In this film, Elizabeth Taylor does an exaggerated impression of Bette Davis saying a line from Beyond the Forest (1949): "What a dump!" In an interview with Barbara Walters, Bette Davis said that in the film, she really did not deliver the line in such an exaggerated manner. She said it in a more subtle, low-key manner, but it has passed into legend that she said it the way Elizabeth Taylor's delivered it in this film. During the Barbara Walters interview, the clip of Bette Davis delivering the line from Beyond the Forest (1949) was shown to prove that Davis was correct. However, since people expected Bette Davis to deliver the line the way Elizabeth Taylor had, she always opened her in-person, one woman show by saying the line in a campy, exaggerated manner: "WHAT ... A... DUMP!!!". It always brought down the house. "I imitated the imitators", Davis said.
Who's Afraid of Virginia Woolf? (1966) became the first motion picture in Academy Awards and cinema history to be nominated for every Academy Award category in which it was eligible, including Best Adapted Screenplay (Lehman), Director (Nichols), all the acting categories (Burton, Taylor, Segal, and Dennis), and Picture of the Year (Lehman), since Cimarron (1931).
According a 2005 interview with Edward Albee, the original writer of the play which the film is based, producer Ernest Lehman hired himself to write the screenplay for $250,000. Also, Albee says that when director Mike Nichols and stars Richard Burton and Elizabeth Taylor read the script, they hated it so much that, unknown to Lehman, they changed all of the dialog back to Albee's play save two lines: "Hey, let's go to the roadhouse!" and "Hey, let's come back from the roadhouse!" Albee said, "Two lines for $250,000, $125,000 a piece. That's pretty good."
Although the title was obviously inspired by the song "Who's Afraid of the Big Bad Wolf?" (sung in the Walt Disney's Three Little Pigs (1933)), Warner Bros. was unable to negotiate with Disney for the use of tune, so when characters sing the title phrase it is illogically set to melody of the public domain folk song "Here We Go 'Round the Mulberry Bush."
Richard Burton befriended Mike Nichols in New York while playing in "Camelot," and reportedly he and Elizabeth Taylor championed the hiring of the first time director after Fred Zinnemann withdrew from the project. Ironically Zinneman beat Nichols for the Oscar, Directors Guild of America, and Golden Globe for his work on A Man for All Seasons (1966), which is still controversial to this day that Nichols hadn't received an award for his work on the film.
When the film was shown on network television for the first time, some local television affiliates bumped the broadcast from 9:00 P.M. to 11:30 P.M., because a film with such adult language had never been shown on network TV.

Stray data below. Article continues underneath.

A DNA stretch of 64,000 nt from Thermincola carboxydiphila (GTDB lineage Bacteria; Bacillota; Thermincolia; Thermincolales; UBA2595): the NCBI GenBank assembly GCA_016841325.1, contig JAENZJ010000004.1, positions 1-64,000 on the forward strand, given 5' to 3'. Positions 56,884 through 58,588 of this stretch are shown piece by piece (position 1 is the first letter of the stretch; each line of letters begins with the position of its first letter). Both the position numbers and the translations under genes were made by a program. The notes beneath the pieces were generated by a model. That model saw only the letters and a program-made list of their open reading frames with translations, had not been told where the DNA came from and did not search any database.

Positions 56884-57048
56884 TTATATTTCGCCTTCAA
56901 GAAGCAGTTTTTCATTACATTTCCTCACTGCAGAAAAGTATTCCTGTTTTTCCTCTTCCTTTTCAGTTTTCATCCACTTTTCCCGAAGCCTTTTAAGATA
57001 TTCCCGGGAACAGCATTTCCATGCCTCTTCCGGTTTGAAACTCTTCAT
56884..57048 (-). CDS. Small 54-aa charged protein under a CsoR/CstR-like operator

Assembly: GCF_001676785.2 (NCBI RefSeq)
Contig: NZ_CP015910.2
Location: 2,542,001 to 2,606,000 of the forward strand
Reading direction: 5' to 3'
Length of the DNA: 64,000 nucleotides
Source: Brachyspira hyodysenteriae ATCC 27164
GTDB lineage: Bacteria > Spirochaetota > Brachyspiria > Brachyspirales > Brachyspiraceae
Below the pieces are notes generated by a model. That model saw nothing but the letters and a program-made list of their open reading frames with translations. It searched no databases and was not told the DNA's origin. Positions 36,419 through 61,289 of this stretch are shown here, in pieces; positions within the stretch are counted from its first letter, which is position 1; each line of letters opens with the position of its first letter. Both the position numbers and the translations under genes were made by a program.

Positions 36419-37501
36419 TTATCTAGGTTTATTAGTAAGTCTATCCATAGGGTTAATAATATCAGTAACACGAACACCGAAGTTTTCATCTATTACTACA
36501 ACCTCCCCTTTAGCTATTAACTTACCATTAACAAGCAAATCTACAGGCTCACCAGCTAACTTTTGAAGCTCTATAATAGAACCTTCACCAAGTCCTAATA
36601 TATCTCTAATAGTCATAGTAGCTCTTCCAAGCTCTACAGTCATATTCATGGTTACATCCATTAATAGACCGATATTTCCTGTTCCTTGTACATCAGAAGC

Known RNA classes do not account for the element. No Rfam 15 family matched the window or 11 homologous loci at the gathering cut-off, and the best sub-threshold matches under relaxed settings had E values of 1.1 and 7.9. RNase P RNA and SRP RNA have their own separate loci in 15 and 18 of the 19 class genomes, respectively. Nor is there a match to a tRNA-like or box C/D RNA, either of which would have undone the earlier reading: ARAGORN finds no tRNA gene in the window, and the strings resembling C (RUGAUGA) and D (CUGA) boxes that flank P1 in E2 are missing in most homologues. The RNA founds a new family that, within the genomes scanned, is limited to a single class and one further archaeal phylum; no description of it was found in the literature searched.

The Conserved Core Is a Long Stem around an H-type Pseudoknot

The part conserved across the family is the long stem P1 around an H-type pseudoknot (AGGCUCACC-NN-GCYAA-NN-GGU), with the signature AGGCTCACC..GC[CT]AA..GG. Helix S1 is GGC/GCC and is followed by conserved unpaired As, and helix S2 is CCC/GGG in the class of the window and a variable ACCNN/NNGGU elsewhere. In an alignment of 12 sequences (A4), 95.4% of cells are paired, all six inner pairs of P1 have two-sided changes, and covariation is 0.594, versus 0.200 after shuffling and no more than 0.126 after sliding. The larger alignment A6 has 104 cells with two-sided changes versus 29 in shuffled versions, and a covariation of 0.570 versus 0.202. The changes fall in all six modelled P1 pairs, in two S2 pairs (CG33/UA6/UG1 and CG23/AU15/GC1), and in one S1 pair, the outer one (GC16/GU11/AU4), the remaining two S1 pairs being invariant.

The movie was one of a series of films in the 1960s, beginning with the The Pawnbroker (1964), to successfully challenge the Production Code Office. In addition to the compromise on language, WB studio head, Jack L. Warner, undercut the Code's usefulness by arranging to have the film released with the "For Adults Only" and required theaters to prohibit selling tickets to unaccompanied minors, which in effect unofficially created the Restricted rating years before the Motion Picture Association of America abandoned the Production Code for a classification system (G-M-R-X) in 1968.
Costing $7.5 million, it was the most expensive black & white movie yet made in the U.S. Elizabeth Taylor, Richard Burton and Edward Albee's combined salaries/fees were (not including percentages): $2,350,000 - $1,100,000 for Taylor, $750,000 for Burton and $500,000 for Albee.
Jack Lemmon was the only actor to be offered the role of George in Who's Afraid of Virginia Woolf? (1966) before Richard Burton was cast. He accepted the role but quickly changed his mind the next day without offering any explanation. Other sources claim that Lemmon's asking price was too high for Warner.
According to Edward Albee, the only thing he doesn't like about the film is the over-use of over-head shots. He did say, however, that he envisioned Bette Davis and James Mason as Martha and George rather than Taylor and Burton. If Davis had been cast, she would have ended up parodying a line from one of her old films ("What a dump!") in the opening scene.
In addition to Sleuth (1972) and Give 'em Hell, Harry! (1975), only one of three films in which entire on-screen billed cast received acting Oscar nominations. (Although Sleuth's credits did contain a number of nonexistent phony cast members to mislead audiences into thinking it was more than a two-character thriller and Virginia Woolf did feature two unbilled bit players as roadhouse employees.)
The trivia item below may give away important plot points.
According to director Mike Nichols, producer/screenwriter Ernest Lehman had written a different ending for the film where George and Martha's son had hanged himself in the closet years before. Nichols refused to shoot it.